This blog is one of a six-part series highlighting the processes behind printmaking and the art shown in the exhibition that was on view May 26 – July 22, 2017, titled 528.0 See our YouTube channel for more printmaking videos over the coming weeks.

This week Taber Youmans, MSU Denver BFA in Printmaking, demonstrates the lithographic process. This process uses the fundamental property that oil and water do not mix, ink is repelled in unwanted areas and held in place to print the desired image. Follow along as Taber tells us about the history of lithography while creating an original print.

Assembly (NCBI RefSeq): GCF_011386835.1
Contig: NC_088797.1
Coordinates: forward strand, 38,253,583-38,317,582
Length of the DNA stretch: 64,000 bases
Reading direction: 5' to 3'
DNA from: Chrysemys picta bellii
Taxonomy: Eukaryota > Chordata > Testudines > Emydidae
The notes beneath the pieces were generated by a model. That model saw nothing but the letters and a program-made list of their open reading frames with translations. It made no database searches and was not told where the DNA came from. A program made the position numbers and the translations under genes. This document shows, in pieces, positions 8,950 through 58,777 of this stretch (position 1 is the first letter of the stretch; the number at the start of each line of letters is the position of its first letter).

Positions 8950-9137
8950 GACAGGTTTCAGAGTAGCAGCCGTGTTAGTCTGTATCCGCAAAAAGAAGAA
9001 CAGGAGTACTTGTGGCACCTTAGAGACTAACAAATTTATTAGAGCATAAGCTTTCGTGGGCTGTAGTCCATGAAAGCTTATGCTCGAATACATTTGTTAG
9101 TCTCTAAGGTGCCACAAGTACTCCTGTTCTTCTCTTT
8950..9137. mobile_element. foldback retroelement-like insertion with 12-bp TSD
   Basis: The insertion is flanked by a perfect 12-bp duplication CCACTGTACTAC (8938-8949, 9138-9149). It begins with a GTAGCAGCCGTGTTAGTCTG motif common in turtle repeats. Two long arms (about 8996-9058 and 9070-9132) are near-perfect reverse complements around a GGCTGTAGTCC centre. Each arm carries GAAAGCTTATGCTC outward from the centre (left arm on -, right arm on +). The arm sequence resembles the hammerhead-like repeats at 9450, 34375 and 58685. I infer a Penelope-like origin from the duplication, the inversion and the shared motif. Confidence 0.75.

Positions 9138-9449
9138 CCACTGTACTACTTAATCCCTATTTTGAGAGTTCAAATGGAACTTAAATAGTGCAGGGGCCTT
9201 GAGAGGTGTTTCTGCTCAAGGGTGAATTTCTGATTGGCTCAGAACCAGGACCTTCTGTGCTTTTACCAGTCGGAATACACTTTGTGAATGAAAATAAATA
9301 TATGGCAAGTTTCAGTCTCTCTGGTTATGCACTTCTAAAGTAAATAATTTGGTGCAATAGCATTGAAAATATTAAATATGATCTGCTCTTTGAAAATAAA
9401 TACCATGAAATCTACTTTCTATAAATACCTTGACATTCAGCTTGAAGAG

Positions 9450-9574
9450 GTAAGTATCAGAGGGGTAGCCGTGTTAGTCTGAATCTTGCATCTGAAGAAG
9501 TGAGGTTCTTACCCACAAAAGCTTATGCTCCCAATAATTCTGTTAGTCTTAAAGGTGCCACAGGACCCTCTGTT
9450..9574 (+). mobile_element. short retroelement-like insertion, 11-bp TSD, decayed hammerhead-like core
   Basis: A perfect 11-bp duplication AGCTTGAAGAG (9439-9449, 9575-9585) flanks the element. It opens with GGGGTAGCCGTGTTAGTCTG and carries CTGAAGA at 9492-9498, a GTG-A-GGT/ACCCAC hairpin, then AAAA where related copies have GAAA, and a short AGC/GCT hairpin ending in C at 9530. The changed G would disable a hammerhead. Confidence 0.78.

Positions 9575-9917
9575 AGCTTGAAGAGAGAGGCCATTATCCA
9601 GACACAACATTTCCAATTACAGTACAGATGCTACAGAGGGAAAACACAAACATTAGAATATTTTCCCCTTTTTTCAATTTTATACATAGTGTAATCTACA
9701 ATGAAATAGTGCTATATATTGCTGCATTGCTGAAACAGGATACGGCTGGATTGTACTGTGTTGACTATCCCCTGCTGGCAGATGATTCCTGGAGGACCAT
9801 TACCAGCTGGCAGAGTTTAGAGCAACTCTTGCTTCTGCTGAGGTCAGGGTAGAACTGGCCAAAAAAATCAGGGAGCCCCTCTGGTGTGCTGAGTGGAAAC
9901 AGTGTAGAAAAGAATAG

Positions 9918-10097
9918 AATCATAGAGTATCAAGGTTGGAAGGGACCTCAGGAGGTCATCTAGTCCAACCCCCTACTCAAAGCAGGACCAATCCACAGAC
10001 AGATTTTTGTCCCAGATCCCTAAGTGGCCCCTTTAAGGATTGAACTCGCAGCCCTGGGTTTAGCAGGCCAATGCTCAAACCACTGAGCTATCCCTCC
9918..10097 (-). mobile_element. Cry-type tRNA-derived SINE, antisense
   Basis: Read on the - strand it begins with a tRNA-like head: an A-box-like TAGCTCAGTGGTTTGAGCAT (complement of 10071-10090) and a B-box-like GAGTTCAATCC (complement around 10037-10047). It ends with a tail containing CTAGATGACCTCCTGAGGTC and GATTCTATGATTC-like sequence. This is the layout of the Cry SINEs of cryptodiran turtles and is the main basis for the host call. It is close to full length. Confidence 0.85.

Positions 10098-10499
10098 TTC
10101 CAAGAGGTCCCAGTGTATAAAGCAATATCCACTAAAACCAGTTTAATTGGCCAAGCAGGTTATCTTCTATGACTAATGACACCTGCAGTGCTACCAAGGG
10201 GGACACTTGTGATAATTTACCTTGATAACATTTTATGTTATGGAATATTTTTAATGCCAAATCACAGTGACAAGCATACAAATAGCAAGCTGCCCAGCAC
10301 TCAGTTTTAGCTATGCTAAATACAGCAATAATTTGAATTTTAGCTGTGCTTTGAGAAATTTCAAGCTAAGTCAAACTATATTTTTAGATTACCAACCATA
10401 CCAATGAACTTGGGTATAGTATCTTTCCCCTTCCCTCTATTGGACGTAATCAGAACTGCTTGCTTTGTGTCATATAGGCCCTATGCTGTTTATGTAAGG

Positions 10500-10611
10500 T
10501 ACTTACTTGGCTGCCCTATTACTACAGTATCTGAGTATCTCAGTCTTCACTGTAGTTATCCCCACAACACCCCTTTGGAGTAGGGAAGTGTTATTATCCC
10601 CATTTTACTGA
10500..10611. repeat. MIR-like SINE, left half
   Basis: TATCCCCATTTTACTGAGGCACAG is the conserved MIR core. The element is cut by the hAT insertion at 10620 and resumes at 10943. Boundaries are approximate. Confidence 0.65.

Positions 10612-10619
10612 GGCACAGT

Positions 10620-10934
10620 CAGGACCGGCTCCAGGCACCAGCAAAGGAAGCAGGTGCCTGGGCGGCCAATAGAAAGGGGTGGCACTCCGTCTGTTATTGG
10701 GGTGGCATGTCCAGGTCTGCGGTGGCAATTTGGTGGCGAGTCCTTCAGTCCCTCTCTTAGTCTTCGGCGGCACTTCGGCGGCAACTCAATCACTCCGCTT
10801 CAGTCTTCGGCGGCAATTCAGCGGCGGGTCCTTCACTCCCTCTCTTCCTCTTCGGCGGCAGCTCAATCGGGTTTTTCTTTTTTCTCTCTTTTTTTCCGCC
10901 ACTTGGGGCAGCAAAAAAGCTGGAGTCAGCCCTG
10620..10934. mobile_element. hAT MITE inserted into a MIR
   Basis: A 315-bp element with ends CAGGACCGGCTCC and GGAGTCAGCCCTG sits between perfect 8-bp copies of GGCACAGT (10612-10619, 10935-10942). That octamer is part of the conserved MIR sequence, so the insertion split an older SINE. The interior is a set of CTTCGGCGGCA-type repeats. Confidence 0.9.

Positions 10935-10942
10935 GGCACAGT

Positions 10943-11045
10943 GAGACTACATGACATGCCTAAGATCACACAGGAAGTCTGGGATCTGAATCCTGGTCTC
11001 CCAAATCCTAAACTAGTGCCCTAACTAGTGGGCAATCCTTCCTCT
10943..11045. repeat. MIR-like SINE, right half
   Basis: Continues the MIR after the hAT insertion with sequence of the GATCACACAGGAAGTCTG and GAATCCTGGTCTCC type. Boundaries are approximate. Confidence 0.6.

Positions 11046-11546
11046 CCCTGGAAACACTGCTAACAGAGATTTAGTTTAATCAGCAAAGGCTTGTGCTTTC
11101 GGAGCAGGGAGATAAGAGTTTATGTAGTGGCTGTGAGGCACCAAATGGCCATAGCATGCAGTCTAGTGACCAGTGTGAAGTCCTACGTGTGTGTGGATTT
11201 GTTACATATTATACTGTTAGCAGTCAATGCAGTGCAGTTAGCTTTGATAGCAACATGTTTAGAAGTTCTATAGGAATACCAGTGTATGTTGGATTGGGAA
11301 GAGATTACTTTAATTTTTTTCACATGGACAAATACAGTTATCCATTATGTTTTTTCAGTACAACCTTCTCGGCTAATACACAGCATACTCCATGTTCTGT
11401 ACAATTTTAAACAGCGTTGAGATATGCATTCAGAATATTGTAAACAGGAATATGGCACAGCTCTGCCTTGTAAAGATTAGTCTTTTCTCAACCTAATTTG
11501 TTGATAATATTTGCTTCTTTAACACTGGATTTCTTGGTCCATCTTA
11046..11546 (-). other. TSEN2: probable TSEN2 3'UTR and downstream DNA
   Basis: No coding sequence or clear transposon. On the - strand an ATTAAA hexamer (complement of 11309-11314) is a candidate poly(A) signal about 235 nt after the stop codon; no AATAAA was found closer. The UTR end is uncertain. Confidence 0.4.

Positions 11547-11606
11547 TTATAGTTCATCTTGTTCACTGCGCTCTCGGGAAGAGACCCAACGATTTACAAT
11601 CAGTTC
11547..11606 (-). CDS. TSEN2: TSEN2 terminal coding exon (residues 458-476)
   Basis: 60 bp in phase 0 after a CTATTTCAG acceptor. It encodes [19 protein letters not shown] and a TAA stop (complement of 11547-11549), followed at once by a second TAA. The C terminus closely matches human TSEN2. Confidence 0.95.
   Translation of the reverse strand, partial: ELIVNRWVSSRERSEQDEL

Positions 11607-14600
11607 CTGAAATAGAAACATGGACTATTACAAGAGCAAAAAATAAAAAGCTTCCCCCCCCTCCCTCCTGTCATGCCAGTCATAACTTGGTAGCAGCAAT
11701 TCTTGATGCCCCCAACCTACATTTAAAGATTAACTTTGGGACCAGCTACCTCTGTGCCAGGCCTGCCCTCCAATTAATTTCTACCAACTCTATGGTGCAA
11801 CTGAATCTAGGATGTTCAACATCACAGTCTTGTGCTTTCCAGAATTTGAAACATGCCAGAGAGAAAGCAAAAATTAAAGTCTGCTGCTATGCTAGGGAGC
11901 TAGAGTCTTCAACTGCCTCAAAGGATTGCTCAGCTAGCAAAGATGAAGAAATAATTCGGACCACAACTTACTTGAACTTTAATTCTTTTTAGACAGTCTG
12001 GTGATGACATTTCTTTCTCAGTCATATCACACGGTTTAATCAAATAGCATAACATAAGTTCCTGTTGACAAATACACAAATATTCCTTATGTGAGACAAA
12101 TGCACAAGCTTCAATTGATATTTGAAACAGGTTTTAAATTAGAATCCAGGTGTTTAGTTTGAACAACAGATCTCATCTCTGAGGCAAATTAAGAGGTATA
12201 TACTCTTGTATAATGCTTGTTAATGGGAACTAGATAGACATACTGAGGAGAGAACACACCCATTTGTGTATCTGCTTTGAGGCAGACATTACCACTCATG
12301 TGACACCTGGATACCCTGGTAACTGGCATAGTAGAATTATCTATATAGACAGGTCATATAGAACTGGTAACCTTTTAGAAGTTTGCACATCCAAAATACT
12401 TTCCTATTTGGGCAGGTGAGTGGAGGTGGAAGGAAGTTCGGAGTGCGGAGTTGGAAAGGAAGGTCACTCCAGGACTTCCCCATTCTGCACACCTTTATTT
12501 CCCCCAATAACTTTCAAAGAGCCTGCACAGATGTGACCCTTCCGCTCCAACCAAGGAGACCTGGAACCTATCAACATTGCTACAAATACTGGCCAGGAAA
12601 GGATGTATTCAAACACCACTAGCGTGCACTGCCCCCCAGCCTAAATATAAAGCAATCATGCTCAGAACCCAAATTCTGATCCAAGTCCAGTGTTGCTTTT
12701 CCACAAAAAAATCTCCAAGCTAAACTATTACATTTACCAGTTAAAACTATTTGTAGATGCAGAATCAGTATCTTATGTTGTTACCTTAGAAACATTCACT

Historically lithographs were made using limestone but modern offset lithography uses polyester, Mylar, or flexible aluminum plates. These plates are covered with light-sensitive emulsion while lithographs made on stone are drawn on with a wax crayon. Taber demonstrates the method of using a modern plastic plate to create a fine art original print. Offset lithography is used to produce posters, maps, books, newspapers – just about any smooth, mass-produces item with print and graphics.